[Tagging] Slow vehicle turnouts
ksamples at gmail.com
Thu Sep 13 14:00:23 UTC 2018
Here in Georgia (USA) I believe we call these types of lanes "passing
lanes". But that's usually only in reference to the left lane. You
generally stay to the right except to pass.
On Wed, Sep 12, 2018 at 6:21 PM, Dave Swarthout <daveswarthout at gmail.com>
> >You say "turnout". But physically, is it just an additional lane that
> >appears, and (more or less) one is obligated to move right one lane into
> >it if you're in the way?
> Exactly. I explained this several posts ago. It is an additional lane,
> running for perhaps a quarter mile, sometimes longer, that any vehicle
> which is holding back some number of other vehicles is obligated to use so
> that those following vehicles may pass. The reason I used the term
> "turnout" is because the signage erected by the Alaska DOT uses that term,
> as in, "Slow Vehicle Turnout Ahead 1500 feet".
> I see polyglot is ready to add some sort of processing to JOSM's
> PT_Assistant plugin if only we can decide what to call such lanes in OSM. I
> think the term slow_vehicle would work just fine.
> On Thu, Sep 13, 2018 at 12:11 AM Jo <winfixit at gmail.com> wrote:
>> A few months ago bus_bay=left|right|both was voted. For me this is
>> similar, albeit over a longer distance.
>> let_other_traffic_pass_by=left|right|both ?
>> If you figure out which tag to use, we'll add it to the double split map
>> mode of JOSM's PT_Assistant plugin.
>> Op wo 12 sep. 2018 om 18:49 schreef Greg Troxel <gdt at lexort.com>:
>>> > Again, I emphasize, this is not a crawler lane or a hill climbing
>>> lane. It
>>> > is a lane into which one pulls over to allow faster moving traffic to
>>> > In fact, Alaskan law demands that any vehicle being followed by 5
>>> > must, at the first opportunity, allow those vehicles to pass. I doubt
>>> > anyone has ever been ticketed for this offense but nevertheless, the
>>> > exists. Alaskan highways also have hill climbing lanes that are signed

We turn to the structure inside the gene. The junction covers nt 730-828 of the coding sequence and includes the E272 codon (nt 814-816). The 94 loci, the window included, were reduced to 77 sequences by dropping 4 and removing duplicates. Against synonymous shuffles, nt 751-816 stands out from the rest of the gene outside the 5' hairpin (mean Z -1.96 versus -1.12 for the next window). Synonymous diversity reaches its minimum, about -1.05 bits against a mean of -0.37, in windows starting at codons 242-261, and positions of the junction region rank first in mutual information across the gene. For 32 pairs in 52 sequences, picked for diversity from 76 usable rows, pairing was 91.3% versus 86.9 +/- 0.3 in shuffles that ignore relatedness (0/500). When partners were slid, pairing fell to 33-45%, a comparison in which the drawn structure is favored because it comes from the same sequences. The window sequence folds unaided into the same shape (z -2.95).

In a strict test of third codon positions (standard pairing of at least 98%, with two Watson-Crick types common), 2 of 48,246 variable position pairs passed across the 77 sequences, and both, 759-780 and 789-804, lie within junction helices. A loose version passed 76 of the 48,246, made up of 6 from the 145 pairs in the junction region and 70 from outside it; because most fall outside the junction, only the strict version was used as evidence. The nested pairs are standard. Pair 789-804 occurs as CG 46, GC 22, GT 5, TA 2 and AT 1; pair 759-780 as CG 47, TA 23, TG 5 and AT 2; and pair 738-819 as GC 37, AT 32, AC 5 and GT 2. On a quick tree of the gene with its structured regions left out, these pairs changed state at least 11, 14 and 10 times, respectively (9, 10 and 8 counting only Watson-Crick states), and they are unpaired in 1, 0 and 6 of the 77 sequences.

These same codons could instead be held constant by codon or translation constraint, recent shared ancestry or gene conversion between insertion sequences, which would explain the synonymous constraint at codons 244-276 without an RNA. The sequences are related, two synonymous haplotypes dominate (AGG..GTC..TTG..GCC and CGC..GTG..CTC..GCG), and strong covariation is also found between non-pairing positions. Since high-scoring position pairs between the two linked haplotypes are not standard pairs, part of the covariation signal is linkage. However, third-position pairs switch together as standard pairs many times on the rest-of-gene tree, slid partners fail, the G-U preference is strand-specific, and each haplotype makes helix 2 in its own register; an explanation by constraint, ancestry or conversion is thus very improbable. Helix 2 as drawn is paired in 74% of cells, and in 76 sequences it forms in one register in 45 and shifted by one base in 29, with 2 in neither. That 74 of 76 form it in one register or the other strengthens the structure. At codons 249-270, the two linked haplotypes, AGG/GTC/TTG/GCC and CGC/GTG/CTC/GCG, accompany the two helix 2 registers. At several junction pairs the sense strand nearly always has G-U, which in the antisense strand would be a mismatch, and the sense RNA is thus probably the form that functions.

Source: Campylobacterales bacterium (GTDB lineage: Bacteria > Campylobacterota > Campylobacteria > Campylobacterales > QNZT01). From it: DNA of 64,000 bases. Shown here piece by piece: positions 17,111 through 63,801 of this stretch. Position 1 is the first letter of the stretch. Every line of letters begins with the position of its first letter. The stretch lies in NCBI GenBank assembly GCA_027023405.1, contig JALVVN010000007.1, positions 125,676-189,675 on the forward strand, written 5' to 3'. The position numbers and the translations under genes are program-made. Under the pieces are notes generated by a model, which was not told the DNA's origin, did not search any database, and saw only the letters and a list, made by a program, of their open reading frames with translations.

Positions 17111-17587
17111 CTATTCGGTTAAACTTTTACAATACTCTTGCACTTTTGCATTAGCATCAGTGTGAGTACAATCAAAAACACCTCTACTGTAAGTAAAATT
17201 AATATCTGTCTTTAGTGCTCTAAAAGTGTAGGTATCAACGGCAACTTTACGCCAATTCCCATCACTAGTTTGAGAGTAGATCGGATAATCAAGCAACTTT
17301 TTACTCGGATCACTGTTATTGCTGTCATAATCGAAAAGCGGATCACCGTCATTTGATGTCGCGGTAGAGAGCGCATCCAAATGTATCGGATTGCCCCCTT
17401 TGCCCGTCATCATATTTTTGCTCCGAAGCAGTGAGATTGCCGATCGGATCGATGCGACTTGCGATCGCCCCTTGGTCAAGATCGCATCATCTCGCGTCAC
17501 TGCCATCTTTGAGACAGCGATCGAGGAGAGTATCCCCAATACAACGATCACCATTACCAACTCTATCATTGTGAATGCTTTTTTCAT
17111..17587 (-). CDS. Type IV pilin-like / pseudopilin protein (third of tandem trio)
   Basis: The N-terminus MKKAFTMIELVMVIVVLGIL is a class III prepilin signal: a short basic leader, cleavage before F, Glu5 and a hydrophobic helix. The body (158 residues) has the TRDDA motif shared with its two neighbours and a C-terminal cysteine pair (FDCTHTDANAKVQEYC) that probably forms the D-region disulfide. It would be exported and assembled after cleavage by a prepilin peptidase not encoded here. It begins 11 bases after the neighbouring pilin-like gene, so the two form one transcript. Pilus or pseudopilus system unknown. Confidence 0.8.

>>> > "keep right except to pass". Those lanes are not the same as this one.
>>> Sorry, didn't get that this is not climbing lane (my fault). In New
>>> England, extra lanes that one would associate with "slow vehicle" are
>>> 99% on hills.
>>> > Perhaps "slow_moving" isn't the best term for this sort of highway
>>> > but it does the job.
>>> You say "turnout". But physically, is it just an additional lane that
>>> appears, and (more or less) one is obligated to move right one lane into
>>> it if you're in the way?
>>> Do any routers do anything? An example of how the data would be used,
>>> or how you think it would be used in an ideal future might be
>>> illuminaing. Perhaps one's car computer could notice from forward
>>> radar that there is obstructing traffic and query osmand and give you a
>>> notification that the road becomes multilane in some distance, so you
>>> can get ready to blink to get the obstructor to move over if they stay
>>> left? In that case, I wonder about the difference between a change to
>>> two lanes (perhaps because the row is wide enough and the long-term plan
>>> is 2) and a specific place like you describe.
>>> Tagging mailing list
>>> Tagging at openstreetmap.org
> Dave Swarthout
> Homer, Alaska
> Chiang Mai, Thailand
> Travel Blog at http://dswarthout.blogspot.com
> Tagging mailing list
> Tagging at openstreetmap.org
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